Right now I'm Angry Jesus. Flipping over tables, making a whip of cords, shouting down the Pharisees. He wasn't very nice to them. He imprudently called them all a bunch of snakes (now now Jesus, you shouldn't generalize). He said the converts they were so fervent to make were hopelessly damned because of who the Pharisees were. That's where my head space is at. If Jesus was allowed to go there, maybe, just maybe, I can too. Maybe Jesus didn't make any friends that day, but maybe it still needed to be said.

I'm goin' Old-Testament-minor-prophet on some asses. I'm gettin' my yell on. It doesn't mean I don't love you—it's actually the opposite.

Saturday, September 2, 2017

Why I Support Black Lives Matter

A number of friends have expressed bafflement or even anger that I would ever support Black Lives Matter (BLM). It seems so painfully obvious to me why everyone should, so I thought it might be helpful for me articulate the reasons why I see this is a no-brainer. I’m not here to claim a moral high ground. Shame or throwing the R-word (racist) around is only going to trigger you, not intrigue you or make you think. We don't have to disagree, but if I can get you to let your guard down a bit, you might have a thing or two to think about. That’s never a bad thing.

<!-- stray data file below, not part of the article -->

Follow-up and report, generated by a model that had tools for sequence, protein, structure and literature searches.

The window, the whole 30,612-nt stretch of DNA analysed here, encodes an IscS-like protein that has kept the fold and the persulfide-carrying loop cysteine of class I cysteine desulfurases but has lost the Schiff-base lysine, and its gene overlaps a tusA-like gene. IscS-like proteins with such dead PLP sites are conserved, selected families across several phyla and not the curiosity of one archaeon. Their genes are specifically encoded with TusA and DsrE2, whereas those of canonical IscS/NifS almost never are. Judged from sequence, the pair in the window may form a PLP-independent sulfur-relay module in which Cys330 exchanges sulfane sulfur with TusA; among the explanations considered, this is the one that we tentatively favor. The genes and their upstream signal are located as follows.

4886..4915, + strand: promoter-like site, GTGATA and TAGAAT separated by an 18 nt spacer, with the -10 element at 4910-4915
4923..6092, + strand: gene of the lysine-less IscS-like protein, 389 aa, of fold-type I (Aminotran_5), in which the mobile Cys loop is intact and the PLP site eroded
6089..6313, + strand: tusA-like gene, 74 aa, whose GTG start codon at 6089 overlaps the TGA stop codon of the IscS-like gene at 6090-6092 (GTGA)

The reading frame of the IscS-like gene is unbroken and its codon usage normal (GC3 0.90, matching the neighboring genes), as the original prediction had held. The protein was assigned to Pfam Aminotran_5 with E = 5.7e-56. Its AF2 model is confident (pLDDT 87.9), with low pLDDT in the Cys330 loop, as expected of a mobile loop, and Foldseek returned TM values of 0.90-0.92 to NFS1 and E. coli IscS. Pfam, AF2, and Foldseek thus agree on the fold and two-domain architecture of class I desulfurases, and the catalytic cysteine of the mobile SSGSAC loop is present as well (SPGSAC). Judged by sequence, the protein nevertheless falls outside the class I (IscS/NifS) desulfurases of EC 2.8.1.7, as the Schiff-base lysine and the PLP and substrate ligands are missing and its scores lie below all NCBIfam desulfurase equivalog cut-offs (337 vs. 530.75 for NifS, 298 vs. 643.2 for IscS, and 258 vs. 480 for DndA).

Here is why I support BLM—I was going to try to state it simply, myself, but I found a better, more succinct explanation on the lily white Ben & Jerry’s website:

“Black lives matter. 

They matter because they are children, brothers, sisters, mothers, and fathers. 

They matter because the injustices they face steal from all of us — white people and people of color alike. They steal our very humanity. 

Systemic and institutionalized racism are the defining civil rights and social justice issues of our time. We’ve come to understand that to be silent about the violence and threats to the lives and well-being of Black people is to be complicit in that violence and those threats.”

I will not go to great efforts to lay out the impenetrable capital case that institutional racism exists—that’s not how people work. We don’t argue people into the ground until they put up the white flag and agree with us. Argument and aggression only make you double-down and retreat further into your point of view. As my man Jesus said, “for those with eyes to see, let them see.” The plain facts are there to behold, even though a thousand Sean Hannitys are bleating in unison to obscure, redirect and equivocate. But if you can read something like this and not be troubled, there’s no argument I can mount to improve upon these cold, hard facts.